Daytona 500 a speedway for politics
Updated 1:55 p.m. ET
Ahead of Tuesday's primary in Michigan, the birthplace of the American auto industry, leading Republican presidential candidates will have a strong presence at the largest motorsports event of the year. Rick Santorum's logo will be speeding around the track and the airspace above it will be a visual protest of Mitt Romney.
Former Pennsylvania senator Rick Santorum is sponsoring the #26 Front Row Motorsports Ford car at NASCAR's Daytona 500. Santorum's logo covers the hood and his "Made in America" logo is painted on the Ford Fusion driven by Tony Raines.
In an interview with USA Today, Raines said the presidential candidate and his campaign reached out and suggested the idea. "I think it's cool they take notice of us and have a presence in the race. Our fans are the backbone of America. I enjoyed talking to him. It was cool he wanted to touch base."The race - also known as the "Great American Race," held at the Daytona International Speedway in Daytona Beach, Florida - is prime advertisement placement for Santorum as it's a sustained two-hour long TV draw with an average viewership of 15 million people.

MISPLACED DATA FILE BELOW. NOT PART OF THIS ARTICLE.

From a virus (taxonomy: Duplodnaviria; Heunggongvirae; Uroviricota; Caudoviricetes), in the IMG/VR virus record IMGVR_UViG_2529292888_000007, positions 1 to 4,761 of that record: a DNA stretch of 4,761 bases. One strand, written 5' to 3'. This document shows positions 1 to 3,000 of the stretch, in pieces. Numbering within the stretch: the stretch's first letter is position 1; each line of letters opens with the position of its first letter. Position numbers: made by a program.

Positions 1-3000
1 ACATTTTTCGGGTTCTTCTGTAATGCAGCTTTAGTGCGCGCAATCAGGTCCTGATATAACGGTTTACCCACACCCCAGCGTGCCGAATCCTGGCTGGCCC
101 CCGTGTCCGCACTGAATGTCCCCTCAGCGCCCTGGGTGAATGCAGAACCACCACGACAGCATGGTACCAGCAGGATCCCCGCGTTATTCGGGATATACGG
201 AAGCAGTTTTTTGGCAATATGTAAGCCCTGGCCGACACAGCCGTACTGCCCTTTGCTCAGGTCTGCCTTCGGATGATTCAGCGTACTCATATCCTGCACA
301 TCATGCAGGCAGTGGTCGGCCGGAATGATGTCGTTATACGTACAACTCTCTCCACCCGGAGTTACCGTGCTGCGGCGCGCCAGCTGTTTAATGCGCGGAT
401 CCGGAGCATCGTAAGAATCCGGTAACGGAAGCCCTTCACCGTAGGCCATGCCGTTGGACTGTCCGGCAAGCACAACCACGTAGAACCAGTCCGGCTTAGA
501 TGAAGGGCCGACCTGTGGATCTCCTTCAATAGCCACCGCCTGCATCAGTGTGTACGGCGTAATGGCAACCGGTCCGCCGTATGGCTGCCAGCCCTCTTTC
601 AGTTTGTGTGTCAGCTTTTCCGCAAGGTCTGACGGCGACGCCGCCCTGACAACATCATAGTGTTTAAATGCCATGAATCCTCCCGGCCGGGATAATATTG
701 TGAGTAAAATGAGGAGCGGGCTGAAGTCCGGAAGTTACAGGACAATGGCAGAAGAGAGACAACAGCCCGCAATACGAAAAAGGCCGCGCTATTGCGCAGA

"NASCAR and the Daytona 500 are about as American as you can get - and it's great to have my campaign represented by one of these incredible machines," Santorum said.
Santorum added: "I like how Tony Raines turned some heads last weekend with his qualifying run and we'd like to keep turning heads too. I think we're both looking for a win in the end."
Santorum will not be in attendance and instead campaigning in Michigan, but his closest challenger, former Massachusetts governor Mitt Romney, is expected to be there, gaining some publicity as well. The United Auto Workers union is flying a banner attached to an airplane for an hour before the race about his opposition to the auto bailout.
According to the Detroit News, the banner will read "Mitt Romney: Let Detroit Go Bankrupt," which is an op-ed Romney wrote in 2008 in the New York Times arguing against government financial intervention in the flailing American auto companies.
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